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Consumer Reports tests food on the plate vs. picture on the packaging

August 1, 2012 12:00:00 AM PDT
Boxed, frozen, or canned, Americans spend more than $100 billion per year on processed foods. The picture on the packages may look delicious, but it can be much different when the same food on your plate doesn't quite match up.

Walking down the supermarket aisle, you see one mouthwatering photo after another. But how does the food look when you get it home?

"We had a lot of people complain to us about the food that really doesn't resemble the pretty pictures on the box," said Tod Marks, a Consumer Reports senior editor. "So we decided to buy a cartful of products."

Trained Consumer Reports testers evaluated more than three dozen products, everything from broccoli to bacon to sweet treats.

"Some products did appear as pictured. But we found others whose photos didn't come near reality," said Marks.

For example: A package of Tabatchnick Tuscany Lentil Soup shows pretty red and green vegetables. But where are they once you heat the soup?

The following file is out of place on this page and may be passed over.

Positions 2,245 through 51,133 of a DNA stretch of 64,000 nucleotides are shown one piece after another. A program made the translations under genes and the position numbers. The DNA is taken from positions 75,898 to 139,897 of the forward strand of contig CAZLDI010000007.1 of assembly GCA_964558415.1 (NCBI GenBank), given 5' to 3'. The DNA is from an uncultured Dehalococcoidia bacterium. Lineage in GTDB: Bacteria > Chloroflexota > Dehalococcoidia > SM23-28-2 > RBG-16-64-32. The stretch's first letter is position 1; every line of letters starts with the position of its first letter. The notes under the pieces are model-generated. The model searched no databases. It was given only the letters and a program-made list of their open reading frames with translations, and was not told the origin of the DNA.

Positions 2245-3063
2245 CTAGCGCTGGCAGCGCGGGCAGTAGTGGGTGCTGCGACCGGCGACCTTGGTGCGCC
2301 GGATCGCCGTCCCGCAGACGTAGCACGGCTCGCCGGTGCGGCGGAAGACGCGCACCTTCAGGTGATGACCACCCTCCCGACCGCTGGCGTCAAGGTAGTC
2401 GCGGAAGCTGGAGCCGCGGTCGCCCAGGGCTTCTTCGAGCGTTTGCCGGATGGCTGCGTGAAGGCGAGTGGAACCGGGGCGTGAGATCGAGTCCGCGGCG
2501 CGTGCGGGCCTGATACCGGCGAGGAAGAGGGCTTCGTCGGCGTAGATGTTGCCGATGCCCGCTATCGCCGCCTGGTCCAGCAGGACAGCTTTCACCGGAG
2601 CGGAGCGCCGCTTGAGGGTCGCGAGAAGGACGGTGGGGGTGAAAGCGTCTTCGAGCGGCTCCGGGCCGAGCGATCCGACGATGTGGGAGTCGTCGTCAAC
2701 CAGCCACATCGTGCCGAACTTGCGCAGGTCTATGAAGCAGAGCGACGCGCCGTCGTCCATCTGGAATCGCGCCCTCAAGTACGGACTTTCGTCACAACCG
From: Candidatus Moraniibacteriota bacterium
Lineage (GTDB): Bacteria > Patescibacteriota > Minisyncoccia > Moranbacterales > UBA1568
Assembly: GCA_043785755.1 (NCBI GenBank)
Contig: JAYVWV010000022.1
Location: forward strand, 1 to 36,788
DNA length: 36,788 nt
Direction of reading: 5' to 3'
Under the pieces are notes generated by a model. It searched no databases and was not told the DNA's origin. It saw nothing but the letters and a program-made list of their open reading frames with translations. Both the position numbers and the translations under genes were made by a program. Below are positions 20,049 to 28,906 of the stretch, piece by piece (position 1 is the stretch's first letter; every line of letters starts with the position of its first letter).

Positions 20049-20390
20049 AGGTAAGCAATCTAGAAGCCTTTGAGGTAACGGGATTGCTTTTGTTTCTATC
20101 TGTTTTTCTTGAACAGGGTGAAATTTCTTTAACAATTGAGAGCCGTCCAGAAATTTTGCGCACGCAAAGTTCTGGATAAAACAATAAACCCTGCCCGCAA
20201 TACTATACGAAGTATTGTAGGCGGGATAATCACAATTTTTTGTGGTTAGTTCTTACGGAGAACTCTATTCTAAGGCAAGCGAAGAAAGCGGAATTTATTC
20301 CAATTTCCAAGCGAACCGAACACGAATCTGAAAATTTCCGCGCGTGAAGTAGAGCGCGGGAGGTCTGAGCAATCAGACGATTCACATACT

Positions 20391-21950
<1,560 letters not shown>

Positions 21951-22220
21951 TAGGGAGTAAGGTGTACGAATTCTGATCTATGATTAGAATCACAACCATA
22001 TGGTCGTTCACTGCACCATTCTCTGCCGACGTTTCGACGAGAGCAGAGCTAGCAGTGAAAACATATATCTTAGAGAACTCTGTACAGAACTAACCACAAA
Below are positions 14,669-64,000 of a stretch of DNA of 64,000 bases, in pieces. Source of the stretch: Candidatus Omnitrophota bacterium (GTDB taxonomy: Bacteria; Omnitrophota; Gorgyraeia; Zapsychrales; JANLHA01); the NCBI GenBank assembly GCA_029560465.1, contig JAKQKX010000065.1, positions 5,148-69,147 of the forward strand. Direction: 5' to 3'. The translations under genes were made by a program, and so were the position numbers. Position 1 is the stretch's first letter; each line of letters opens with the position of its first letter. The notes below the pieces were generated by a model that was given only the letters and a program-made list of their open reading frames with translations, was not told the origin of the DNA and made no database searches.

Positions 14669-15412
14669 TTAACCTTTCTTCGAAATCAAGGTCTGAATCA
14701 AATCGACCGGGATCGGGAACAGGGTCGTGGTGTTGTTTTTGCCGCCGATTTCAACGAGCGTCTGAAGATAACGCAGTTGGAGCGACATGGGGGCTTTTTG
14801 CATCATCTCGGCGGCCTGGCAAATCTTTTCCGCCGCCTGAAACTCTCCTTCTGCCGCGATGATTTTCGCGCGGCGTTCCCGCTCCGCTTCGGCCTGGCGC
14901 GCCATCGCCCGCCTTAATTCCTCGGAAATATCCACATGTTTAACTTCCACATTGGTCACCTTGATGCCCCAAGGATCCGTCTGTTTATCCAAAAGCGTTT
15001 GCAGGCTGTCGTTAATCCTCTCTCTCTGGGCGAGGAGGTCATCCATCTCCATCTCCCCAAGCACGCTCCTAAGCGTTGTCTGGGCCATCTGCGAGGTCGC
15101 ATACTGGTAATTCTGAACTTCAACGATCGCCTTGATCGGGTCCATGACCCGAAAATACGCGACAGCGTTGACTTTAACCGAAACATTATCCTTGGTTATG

The spaghetti and meatballs on a Banquet box do look appetizing. But the actual meatballs are smaller and the spaghetti is in pieces, not strands.

And while this barbecue steak from Healthy Choice does look like what's shown on the package, there's less than you'd expect.

"Lean" is right with Lean Pockets Pretzel Bread Sandwiches. The box shows chunky filling. But the pockets Consumer Reports bought were far from full.

So what can you do when your food isn't picture-perfect?

"I suggest you complain to the company, because the worst that can happen is, well, maybe they'll give you an apology. But the best that can happen, you get a free product," said Marks.

If the company in question isn't that interested in your complaint, Consumer Reports is. So if your food doesn't measure up to the photo, you can email Consumer Reports at sellingit@cro.consumer.org.


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